The Titans celebrate after taking a wicket against the Warriors in Wednesday's semi-final. Photo: Muzi Ntombela/BackpagePix

CAPE TOWN - Kicking and screaming I was dragged into the Twitter-sphere. It was something I had managed to avoid for the longest time, but such are the demands of the modern-day journalist it simply couldn’t be put off any longer.

Since succumbing to social (and job) demands, I must admit it has been quite enjoyable at times. I am not a technological dinosaur, I just prefer to either have a face-to-face debate or actually know the person I am speaking to is not hiding behind a fake account.

I have always looked on in amusement at how people could get into heated arguments on a public forum. Unfortunately, on Wednesday evening I took the bait after being trolled by a fellow journalist.

After viewing the Titans' team selection for Wednesday’s T20 Challenge semi-final against the Warriors, I posted: “In a HOME game the @Titans_Cricket with their massive squad can’t find another player of colour to replace the injured @HenryDavids19 and now play only 5 POC’s instead of 6 stipulated by @OfficialCSA!! @IOLsport @MaxJordaan3 #RamSlamT20”

I was hoping for a good cricket debate on the make-up of the Titans squad and on which black players could possibly have taken the injured Davids’ place.

Instead, this was the response I received: “Maybe you should worry more about how all the amazing transformation talent in the Cape is being wasted? Not many trophies for the Cobras lately either to boast about. And Parnell playing for the Warriors tonight??!!”

Against my better judgement, I replied with: “WOW! Absolutely nothing just said has anything to do with my tweet!!”

It was now beginning to disintegrate at a rapid rate. “Just pointing out the old saying - “get your own house in order before you start pointing fingers”. Injury happened 4 minutes before the toss. But I guess the tallest trees catch the most wind” was the rebuke.

While I wasn’t exactly sure which “house”, or that it was even possible for me to own the “house” the troller was referring to, I followed it up with this response: “I don’t even know why I am having a transformation debate with a 'senior journalist' who didn’t even recognize Russell Domingo when he was appointed Proteas assistant coach!!”

That was a low blow. A fact, but a low blow nonetheless, which prompted this reply: “I hope you’re not referring to me Zaahier. Then again, won’t be the first lies you’ve spread this week.”

Instead of reacting with further vitriol which surely would have ended up with lawyers having to intervene, I realised that I needed to be the adult in the conversation and sent a private WhatsApp message instead.

This entire drama, though, distracted me from my initial point regarding the Titans and their transformation record over the years.

The Titans are a wonderful, professionally run franchise. They have a tremendous ground in SuperSport Park, and continue to attract corporate sponsorship even during these lean economic times. All of this, of course, comes on the back of a very successful team.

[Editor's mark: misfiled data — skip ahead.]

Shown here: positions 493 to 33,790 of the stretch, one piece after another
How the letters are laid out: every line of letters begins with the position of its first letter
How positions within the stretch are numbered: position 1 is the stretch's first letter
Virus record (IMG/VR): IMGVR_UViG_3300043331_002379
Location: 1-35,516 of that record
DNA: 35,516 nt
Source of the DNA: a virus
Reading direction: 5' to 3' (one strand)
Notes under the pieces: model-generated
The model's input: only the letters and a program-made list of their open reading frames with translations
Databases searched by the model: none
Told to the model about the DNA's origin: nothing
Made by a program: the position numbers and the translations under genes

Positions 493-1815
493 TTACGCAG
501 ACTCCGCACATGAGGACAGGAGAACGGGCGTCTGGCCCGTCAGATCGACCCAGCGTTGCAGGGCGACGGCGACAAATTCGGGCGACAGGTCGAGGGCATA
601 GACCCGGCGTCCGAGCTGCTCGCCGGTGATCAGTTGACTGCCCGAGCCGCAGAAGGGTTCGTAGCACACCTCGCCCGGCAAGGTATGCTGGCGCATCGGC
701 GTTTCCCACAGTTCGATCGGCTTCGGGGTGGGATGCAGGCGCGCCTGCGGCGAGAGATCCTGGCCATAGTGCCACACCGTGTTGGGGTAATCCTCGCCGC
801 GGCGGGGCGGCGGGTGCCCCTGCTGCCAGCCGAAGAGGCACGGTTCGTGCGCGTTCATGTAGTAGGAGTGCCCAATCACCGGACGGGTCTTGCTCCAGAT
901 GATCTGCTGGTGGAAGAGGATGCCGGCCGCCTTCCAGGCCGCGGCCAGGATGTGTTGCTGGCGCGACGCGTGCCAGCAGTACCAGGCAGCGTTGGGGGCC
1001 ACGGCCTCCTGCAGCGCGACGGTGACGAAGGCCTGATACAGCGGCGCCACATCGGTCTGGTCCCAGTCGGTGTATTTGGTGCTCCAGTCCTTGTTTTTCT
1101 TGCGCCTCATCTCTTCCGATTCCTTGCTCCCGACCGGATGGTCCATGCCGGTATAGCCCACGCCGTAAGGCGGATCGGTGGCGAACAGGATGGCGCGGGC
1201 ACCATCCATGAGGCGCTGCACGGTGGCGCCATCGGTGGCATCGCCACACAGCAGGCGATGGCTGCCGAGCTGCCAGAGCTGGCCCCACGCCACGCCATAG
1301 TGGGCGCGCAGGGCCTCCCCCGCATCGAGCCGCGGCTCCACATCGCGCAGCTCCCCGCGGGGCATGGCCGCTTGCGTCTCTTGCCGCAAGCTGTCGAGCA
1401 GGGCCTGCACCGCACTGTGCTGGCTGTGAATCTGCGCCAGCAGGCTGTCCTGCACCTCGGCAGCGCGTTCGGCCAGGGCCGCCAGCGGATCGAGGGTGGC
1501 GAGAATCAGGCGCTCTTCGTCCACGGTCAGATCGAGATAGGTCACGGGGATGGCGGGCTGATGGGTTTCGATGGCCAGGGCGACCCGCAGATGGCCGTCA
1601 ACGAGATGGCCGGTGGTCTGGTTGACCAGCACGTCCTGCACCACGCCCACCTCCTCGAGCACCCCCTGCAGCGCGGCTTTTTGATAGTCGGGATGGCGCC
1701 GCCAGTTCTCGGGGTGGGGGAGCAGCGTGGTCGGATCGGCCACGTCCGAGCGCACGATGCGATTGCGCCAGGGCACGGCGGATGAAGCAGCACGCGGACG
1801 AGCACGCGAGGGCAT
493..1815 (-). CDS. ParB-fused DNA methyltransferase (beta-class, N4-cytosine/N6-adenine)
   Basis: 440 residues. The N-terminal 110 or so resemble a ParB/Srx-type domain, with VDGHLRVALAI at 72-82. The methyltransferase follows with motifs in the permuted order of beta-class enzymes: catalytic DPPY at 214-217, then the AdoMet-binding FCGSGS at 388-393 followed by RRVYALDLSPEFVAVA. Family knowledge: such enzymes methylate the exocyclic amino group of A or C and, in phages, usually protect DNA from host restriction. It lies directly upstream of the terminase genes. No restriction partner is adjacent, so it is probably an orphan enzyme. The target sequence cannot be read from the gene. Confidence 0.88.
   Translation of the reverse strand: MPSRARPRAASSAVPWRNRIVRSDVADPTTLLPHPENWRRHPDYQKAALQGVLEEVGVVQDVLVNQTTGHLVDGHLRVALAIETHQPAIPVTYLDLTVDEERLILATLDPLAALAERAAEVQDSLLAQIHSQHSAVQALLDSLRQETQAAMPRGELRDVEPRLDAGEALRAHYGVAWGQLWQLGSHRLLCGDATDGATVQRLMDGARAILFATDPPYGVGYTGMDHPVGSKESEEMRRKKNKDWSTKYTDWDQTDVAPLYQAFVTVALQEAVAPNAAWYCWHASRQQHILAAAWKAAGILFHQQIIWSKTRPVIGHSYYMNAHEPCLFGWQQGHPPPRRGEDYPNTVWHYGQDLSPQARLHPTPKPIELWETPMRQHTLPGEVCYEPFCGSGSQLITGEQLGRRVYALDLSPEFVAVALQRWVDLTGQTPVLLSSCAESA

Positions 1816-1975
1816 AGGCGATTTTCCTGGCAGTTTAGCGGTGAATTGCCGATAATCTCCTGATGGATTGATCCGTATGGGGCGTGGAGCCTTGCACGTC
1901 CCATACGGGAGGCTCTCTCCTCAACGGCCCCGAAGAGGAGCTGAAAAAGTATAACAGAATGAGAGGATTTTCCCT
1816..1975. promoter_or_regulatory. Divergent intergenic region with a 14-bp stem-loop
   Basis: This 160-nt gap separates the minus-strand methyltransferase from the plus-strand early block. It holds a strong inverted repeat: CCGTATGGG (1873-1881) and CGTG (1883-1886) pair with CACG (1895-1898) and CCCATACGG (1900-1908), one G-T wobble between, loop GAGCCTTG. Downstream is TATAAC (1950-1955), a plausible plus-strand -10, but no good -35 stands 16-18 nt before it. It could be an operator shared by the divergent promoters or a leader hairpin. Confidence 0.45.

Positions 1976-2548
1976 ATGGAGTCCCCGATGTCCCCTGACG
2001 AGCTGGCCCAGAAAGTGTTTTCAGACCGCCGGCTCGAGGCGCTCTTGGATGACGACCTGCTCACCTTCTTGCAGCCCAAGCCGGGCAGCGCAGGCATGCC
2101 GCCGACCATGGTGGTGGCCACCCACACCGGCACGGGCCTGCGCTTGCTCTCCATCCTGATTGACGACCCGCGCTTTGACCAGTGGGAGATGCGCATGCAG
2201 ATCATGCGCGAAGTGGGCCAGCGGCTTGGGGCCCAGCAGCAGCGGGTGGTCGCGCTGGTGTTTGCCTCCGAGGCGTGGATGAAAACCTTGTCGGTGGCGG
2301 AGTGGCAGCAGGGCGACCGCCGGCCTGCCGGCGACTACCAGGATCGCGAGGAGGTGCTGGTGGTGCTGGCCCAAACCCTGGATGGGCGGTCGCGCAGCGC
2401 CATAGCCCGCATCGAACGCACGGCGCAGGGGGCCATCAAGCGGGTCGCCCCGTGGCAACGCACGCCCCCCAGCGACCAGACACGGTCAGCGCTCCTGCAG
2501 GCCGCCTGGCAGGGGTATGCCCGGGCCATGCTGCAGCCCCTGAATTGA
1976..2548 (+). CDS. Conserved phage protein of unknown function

However, for a franchise with all these qualities, they still do not get it right in terms of transformation. Besides Wednesday night’s debacle, they do adhere to the Cricket SA guideline stipulating six players of colour, of which three must be black African.

But unfortunately, that’s where it ends. I'd be hugely surprised if the Titans have at any stage since the guidelines were implemented two seasons ago surpassed the actual six-player target, which teams like the Cobras, Lions, Warriors and Dolphins regularly do.

Equally, the Titans continue to struggle to field Black players who have graduated through their own youth structures. Of the original six meant to play on Wednesday, Davids, Farhaan Berhardien and Malusi Siboto hail from the Cape. Lungi Ngidi is from KZN and Tabraiz Shamsi from Joburg.

It is not only now that this is happening, but goes back to players such as Alfonso Thomas and Shafiek Abrahams being the first to make the journey up north.

The fact that these players are afforded game time and a chance to excel, which they may not initially have had at their original franchises, is a credit to CSA’s transformation policy that allows players opportunities all around the country.

But the Titans should not hide behind this fact and seriously need to look into their systems and find out why they are not producing their own black players.

While I understand the selection headaches the Titans have had during this T20 Challenge due to all the national players being available, they have finally unearthed one of their own in Rivaldo Moonsamy. The the 21-year-old top-order batsman deserves every opportunity at franchise level in the same way another youngster like Aiden Markram was afforded the chance.

Although he is still finding his feet at T20 level, Moonsamy averages 49.96 in first-class cricket, so I was very happy to see the former SA Under-19 star receiving some game time in the controversial “dead rubber” against the Dolphins.

It was for this reason that I fully understood Titans coach Mark Boucher’s explanation for fielding a “B” team once his side had qualified for the RamSlam semi-final, and I paid no attention to the murmurs in and around Cape Town that the Titans were involved in any form of skulduggery.

Black players don’t reduce the quality of a team. The Cobras proved that when they beat the “unbeatable” Titans last Friday with eight black players in their starting XI. It was the Titans' strongest side - barring AB de Villiers - while Vernon Philander was unavailable for the Cobras too.

The Titans will most likely go on to win the RamSlam, but there is still lots of hard work to be done at SuperSport Park.

Cape Times

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